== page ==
According to Macotakara, a Japanese publication which has had some pretty good successes predicting future Apple moves, Apple has a modified MacBook Air running inside its test labs. The new machine has an Apple-branded, ARM architecture A5 chip buzzing away inside it instead of a sliver of silicon made by long-term CPU partner Intel.
The unusual rumor, which apparently has leaked from inside Apple's super-locked-down test facility, tallies with some previous hints. And now, with Apple making special efforts to get U.K. and even Australian journalists to attend its WWDC show in two week's time, there's some thinking we'll see a surprise unveil of a new product.
Macotakara was previously pretty accurate with its leaked information about the iPad 2—it correctly described the smaller bezel, flatter back, and bigger speaker that characterize the new design, and it guessed these in late December 2010, long before Apple confirmed the device. This suggests Macotakara has itself a pretty highly placed source inside Apple. Knowing how compartmentalized Apple is inside its high-security labs (with engineers working on code, for example, not being allowed to see the product they're working on because it's shrouded in a black cloth), we're guessing the mole has access to final stage prototype products. Does this mean Apple really does have a late prototype-stage A5-powered MacBook in its hands? Sure seems possible.
Assuming they do, what does this mean? Is Apple about to reveal that it's ditching Intel and moving to an iOS computer so we can all have MacBooks that run for 24 hours? Though this is a tempting prospect we're rating this as zero percent likely, as it's just too big a step too soon. Next year, maybe—giving Apple time to program a whole new backend for OS X that supports ARM processors, but not yet.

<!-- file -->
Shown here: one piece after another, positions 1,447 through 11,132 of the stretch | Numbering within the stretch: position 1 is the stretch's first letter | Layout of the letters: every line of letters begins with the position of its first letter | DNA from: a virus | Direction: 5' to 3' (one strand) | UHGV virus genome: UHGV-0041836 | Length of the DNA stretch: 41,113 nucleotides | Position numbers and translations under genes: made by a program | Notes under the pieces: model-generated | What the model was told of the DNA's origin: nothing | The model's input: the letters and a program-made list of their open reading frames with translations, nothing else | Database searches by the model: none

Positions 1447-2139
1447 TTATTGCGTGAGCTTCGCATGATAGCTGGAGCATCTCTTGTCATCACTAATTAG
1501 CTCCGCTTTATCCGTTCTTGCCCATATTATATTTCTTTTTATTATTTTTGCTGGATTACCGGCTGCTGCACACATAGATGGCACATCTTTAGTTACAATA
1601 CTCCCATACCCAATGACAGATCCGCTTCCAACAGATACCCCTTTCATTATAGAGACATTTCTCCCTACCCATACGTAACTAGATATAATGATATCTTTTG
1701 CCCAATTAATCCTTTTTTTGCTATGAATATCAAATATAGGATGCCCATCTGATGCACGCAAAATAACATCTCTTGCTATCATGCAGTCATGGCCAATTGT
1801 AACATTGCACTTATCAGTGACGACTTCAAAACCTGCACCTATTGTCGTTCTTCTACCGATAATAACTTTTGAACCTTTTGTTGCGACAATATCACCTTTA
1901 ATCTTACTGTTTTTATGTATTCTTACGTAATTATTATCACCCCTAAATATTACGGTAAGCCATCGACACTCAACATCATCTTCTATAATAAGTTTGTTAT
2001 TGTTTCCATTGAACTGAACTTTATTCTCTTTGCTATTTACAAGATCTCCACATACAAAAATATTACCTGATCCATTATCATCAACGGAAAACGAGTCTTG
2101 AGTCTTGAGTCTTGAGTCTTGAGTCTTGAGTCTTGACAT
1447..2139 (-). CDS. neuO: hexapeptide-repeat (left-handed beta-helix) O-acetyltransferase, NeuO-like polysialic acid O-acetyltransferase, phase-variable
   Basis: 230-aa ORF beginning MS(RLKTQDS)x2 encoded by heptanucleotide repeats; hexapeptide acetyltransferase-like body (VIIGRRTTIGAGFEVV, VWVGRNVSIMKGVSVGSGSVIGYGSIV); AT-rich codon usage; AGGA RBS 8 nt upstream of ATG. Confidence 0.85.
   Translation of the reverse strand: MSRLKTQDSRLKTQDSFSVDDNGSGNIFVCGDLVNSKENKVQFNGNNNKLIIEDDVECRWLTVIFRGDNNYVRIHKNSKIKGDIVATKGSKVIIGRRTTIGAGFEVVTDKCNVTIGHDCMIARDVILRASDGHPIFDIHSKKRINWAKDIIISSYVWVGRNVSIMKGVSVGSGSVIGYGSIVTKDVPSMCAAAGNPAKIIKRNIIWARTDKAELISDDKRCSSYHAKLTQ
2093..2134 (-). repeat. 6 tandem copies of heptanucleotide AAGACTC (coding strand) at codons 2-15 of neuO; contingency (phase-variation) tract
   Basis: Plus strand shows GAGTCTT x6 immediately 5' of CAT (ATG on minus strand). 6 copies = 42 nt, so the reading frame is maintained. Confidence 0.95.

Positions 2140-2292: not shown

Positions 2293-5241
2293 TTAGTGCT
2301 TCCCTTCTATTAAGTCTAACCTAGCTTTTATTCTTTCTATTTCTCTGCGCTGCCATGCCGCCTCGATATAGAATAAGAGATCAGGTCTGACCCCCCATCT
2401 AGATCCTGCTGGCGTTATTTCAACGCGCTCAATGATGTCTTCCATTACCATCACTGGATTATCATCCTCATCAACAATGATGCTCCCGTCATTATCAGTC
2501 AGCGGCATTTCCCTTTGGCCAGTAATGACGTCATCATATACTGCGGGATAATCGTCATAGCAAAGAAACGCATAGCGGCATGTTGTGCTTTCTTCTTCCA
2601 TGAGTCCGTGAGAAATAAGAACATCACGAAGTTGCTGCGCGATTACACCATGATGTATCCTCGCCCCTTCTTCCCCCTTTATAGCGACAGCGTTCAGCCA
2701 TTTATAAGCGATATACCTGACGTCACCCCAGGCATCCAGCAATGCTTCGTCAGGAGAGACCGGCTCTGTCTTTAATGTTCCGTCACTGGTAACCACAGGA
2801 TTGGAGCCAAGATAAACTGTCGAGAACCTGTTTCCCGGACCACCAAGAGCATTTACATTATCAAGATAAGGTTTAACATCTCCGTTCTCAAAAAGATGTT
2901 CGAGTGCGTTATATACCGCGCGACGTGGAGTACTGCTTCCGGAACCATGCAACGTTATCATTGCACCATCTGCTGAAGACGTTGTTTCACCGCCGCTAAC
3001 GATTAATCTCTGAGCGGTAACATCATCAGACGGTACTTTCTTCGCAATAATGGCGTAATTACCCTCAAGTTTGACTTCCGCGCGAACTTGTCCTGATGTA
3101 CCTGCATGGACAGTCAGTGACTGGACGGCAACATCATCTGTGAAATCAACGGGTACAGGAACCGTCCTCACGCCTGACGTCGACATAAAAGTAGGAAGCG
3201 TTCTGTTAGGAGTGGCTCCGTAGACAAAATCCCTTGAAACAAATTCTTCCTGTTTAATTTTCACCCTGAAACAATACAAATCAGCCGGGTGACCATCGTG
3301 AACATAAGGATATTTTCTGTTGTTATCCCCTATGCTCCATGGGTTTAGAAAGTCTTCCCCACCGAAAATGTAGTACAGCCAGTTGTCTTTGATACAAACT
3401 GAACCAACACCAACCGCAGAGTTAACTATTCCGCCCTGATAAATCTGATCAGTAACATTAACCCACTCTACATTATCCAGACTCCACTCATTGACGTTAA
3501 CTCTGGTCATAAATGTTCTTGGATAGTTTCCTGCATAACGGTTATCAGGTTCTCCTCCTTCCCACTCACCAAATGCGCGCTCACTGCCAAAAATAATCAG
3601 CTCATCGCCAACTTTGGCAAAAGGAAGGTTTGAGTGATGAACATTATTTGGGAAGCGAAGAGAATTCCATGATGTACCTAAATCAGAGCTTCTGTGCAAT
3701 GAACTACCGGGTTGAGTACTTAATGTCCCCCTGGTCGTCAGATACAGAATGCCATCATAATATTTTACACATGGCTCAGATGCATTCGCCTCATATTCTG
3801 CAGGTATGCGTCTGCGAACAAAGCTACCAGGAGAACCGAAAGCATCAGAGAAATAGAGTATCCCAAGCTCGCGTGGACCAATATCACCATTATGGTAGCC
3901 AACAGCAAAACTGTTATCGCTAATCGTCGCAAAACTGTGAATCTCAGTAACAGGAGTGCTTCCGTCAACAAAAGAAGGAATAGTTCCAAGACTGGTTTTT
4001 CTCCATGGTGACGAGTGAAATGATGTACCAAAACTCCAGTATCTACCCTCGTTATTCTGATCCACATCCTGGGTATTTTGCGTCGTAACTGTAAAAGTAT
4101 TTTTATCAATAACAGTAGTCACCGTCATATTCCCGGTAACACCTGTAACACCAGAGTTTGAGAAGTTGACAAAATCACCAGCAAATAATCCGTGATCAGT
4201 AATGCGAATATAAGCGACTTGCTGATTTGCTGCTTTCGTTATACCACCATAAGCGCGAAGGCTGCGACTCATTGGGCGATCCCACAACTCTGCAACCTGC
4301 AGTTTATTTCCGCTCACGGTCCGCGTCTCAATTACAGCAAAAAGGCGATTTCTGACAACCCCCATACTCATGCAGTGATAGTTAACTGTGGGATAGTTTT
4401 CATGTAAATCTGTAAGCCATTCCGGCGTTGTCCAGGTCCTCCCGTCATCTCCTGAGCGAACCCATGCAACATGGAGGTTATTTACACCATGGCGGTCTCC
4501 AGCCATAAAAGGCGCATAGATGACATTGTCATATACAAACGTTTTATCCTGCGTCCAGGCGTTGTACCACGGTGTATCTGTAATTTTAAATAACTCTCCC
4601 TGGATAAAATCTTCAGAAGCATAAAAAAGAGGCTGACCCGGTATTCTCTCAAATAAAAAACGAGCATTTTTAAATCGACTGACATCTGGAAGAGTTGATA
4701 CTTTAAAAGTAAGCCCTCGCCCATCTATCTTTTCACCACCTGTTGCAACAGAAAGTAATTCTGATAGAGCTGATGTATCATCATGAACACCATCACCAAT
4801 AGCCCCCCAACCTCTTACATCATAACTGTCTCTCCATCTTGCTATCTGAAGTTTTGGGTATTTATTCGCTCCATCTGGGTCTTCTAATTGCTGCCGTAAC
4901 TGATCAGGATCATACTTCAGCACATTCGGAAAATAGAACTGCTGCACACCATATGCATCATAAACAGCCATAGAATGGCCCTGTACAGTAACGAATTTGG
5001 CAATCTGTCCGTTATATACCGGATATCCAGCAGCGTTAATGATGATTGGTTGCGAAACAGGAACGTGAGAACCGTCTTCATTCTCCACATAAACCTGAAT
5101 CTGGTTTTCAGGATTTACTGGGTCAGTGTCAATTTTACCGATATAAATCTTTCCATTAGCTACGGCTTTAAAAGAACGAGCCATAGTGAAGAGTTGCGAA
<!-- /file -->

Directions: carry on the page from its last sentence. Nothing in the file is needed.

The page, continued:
Does Apple have some kind of mutant hybrid machine on the way—a refreshed MacBook Air that squeezes in an ARM chip and an Intel one so you can alternate between using it as an iPad clone with a keyboard or a more traditional Mac? This is much more plausible, though the space inside a MacBook is pretty cramped, and shoving in two CPUs may need a smaller battery (which, admittedly, would be made up for by the A5's much lesser power needs). To make it truly iOS friendly the motherboard would also need a gyro and a full three-axis accelerometer...but these are minute additions. And then there's the need for an 11-inch or 13-inch touchscreen. Hmmm.
Or is Apple merely trying a proof of concept for something that's pretty likely to happen in a year or so, when ARM chips are approaching the same computing power delivery as Intel's silicon does—but with potentially smaller power demands, for much more portability? This is where our money is. We're not going to see a Thunderbolt-sporting, A5-powered 24-hour battery MacBook Air unveiled at WWDC, because while it probably exists it wouldn't work fast enough or well enough for Apple to release.
On the other hand, Intel did just mention it could be comfortable making other people's chips, based on their own designs. Is this a tacit approval for Apple to swap CPUs, with Intel as the manufacturer happy to take a lower margin on its products because so many will sell?
We've got questions here! And soon we will all have answers.
[Image: Flickr user macinate]